Eighty-two years ago today, the film The Women premiered. A stellar cast, amazing director, and F. Scott Fitzgerald was an early uncredited writer of the film treatment. It is full of quotable quotes. You have to see this movie.
Title: The Women
Directed by: George Cukor
Produced by: Hunt Stromberg
Screenplay by: Anita Loos, Jane Murfin
Based on: The Women 1936 play by Clare Boothe Luce
Starring: Norma Shearer, Joan Crawford, Rosalind Russell
Music by: David Snell, Edward Ward
Cinematography: Joseph Ruttenberg, Oliver T. Marsh
Edited by: Robert J. Kern
Production Company: Metro-Goldwyn-Mayer
Distributed by: Loew’s Inc.
Release date: September 1, 1939 (United States)
Running time: 133 minutes
Box office: $2,270,000
The film is a scathing look at a group of Manhattan women and the scores of women who work for them. It centers on Mary Haines, the cheerful, contented wife of Stephen and mother of Little Mary, and her circle of “friends”. Mary’s cousin Sylvia Fowler goes to Sydney’s elite salon to get the latest nail color: Jungle Red. Olga, the manicurist, reveals that Mary’s husband has been “stepping out” with a predatory perfume counter girl named Crystal Allen. Sylvia eagerly shares the news with Mary’s friends and sets Mary up with Olga.
Mary is shattered to learn about Stephen’s infidelity. Her wise mother urges patience and takes Mary to Bermuda with her, so she can take time to think. When they return, Mary goes to a couturier for a fitting. Crystal appears, ordering expensive clothes. Stephen is now keeping her. At Sylvia’s insistence, Mary confronts Crystal, who slyly suggests that Mary keep the status quo unless she wants to lose Stephen in a divorce. Heartbroken and humiliated, Mary leaves. The gossip continues, exacerbated by Sylvia and their friend Edith, who turns the affair into a public scandal by recounting Sylvia’s version of the story to a gossip columnist. Mary decides to divorce her husband despite his efforts to make her stay. As she packs to leave for Reno, Mary explains the divorce to Little Mary, who weeps alone in the bathroom.
On the train to Reno, Mary meets three women with the same destination and purpose: the dramatic, extravagant Countess de Lave; Miriam Aarons, a tough-cookie chorus girl; and, to her surprise, her shy young friend Peggy Day, who has been pushed into divorce by Sylvia. They all settle in at a Reno ranch, where they get plenty of commonsense advice from Lucy, the gruff, warm-hearted woman who runs the ranch. The Countess tells tales of her multiple husbands and seems to have found another prospect in a cowboy named Buck Winston. Miriam has been having an affair with Sylvia Fowler’s husband and plans to marry him. Peggy discovers that she is pregnant, calls her husband and happily plans to hurry home. Sylvia arrives at the ranch; Howard is suing her, thanks to recorded evidence of mental cruelty. When she discovers that Miriam is the next Mrs. Fowler, she attacks her, and a catfight ensues.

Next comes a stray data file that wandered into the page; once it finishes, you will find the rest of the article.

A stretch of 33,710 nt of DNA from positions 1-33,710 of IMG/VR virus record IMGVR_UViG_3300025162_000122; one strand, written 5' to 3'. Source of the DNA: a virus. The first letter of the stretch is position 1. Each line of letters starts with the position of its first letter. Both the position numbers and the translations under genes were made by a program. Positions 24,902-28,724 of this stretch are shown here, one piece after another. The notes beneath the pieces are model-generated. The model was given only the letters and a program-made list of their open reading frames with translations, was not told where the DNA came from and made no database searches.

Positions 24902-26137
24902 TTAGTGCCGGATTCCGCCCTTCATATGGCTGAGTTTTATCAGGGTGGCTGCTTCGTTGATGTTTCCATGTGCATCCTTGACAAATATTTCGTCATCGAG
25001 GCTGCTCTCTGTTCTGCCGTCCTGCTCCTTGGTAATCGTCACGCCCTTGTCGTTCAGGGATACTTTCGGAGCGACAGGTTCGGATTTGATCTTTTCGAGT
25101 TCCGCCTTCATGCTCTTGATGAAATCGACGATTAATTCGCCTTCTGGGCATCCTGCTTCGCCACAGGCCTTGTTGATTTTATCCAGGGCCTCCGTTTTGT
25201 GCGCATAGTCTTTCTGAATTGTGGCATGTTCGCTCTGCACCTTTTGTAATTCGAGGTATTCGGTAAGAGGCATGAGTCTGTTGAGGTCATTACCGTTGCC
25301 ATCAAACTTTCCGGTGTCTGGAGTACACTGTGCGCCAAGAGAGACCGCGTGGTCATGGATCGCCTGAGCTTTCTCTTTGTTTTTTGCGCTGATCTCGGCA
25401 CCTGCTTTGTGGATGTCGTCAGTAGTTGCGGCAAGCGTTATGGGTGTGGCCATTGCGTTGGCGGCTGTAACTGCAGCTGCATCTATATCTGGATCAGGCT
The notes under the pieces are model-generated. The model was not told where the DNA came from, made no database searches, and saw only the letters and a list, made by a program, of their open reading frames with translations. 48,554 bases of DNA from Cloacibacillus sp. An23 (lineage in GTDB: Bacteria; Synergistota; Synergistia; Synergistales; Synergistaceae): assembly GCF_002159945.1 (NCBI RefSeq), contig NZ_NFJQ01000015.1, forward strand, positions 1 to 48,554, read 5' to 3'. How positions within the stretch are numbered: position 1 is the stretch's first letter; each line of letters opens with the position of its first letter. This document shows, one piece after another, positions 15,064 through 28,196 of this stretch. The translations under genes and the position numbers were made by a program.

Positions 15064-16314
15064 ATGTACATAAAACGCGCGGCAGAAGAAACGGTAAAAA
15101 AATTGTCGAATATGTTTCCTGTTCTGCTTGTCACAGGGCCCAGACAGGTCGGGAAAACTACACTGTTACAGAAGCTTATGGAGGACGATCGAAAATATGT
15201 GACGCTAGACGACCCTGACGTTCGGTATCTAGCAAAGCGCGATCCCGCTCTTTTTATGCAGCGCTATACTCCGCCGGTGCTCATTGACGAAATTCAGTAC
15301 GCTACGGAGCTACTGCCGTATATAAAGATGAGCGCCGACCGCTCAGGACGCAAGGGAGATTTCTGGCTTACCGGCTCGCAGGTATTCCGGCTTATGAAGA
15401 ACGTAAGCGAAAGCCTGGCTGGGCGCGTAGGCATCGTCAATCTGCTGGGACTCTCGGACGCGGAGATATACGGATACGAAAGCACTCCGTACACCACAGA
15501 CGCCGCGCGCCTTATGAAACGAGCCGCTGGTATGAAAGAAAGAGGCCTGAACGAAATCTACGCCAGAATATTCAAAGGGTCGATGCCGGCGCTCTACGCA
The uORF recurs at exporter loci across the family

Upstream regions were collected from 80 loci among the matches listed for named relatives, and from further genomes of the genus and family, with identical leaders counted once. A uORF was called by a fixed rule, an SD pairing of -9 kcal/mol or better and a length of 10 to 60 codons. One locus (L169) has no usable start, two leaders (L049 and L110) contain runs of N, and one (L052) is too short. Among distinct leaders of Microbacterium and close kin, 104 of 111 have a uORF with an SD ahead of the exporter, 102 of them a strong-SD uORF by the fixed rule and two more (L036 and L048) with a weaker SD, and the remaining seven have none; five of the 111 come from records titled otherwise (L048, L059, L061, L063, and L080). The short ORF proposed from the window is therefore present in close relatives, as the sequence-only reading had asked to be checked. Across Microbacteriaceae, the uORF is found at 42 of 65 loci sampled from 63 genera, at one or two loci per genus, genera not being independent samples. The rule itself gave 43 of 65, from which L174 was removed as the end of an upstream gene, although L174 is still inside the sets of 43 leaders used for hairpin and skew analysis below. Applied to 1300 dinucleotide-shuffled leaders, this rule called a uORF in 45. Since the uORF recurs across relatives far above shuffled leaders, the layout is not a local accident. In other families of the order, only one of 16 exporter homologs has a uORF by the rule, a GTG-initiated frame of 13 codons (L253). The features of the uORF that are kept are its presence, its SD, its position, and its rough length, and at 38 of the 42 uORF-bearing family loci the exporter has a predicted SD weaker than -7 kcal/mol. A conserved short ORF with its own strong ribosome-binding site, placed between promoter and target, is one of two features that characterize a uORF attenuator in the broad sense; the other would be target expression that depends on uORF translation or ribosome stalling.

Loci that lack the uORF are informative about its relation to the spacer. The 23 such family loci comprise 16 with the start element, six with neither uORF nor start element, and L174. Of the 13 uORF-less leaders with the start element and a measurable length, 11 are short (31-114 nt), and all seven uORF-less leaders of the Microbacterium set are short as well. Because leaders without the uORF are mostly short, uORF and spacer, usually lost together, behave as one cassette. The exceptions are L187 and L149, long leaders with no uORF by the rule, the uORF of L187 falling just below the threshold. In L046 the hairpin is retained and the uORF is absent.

Mary’s divorce comes through, but Miriam tries to convince her that she should forget her pride and call Stephen. Before Mary can decide, Stephen calls to inform Mary that he and Crystal have just been married.
Two years later, Crystal, now Mrs. Haines, is taking a bubble bath and talking on the phone to her lover, Buck Winston, now a radio star and married to the Countess. Little Mary overhears the conversation before being shooed away by Crystal. Sylvia picks up the phone and hears the voice of Crystal’s lover.
Mary hosts a dinner for her Reno buddies and her Manhattan friends—excepting Sylvia—celebrating Buck and the Countess’s two-year anniversary. The Countess, Miriam, Peggy urge Mary to come along to a nightclub, but she stays home. Little Mary inadvertently reveals how unhappy Stephen is and mentions Crystal’s “lovey dovey” talk with Buck on the telephone. Mary is transformed, crying “I’ve had two years to grow claws, Mother—Jungle Red!”
In the nightclub’s ladies’ lounge, Mary worms the details out of Sylvia, and gets the news to a gossip columnist (played by Hedda Hopper). Mary tells the Countess that her husband Buck has been having an affair with Crystal, then informs Crystal that everyone knows what she has been doing. Crystal does not care. Mary can have Stephen back, since she will now have Buck to support her. The weeping Countess reveals that she has been funding Buck’s radio career and that without her, he will be penniless and jobless. Crystal resigns herself to the fact that she will be heading back to the perfume counter, adding: “And by the way, there’s a name for you ladies, but it isn’t used in high society—outside of a kennel.” Mary, triumphant, heads out the door, arms wide open to receive Stephen.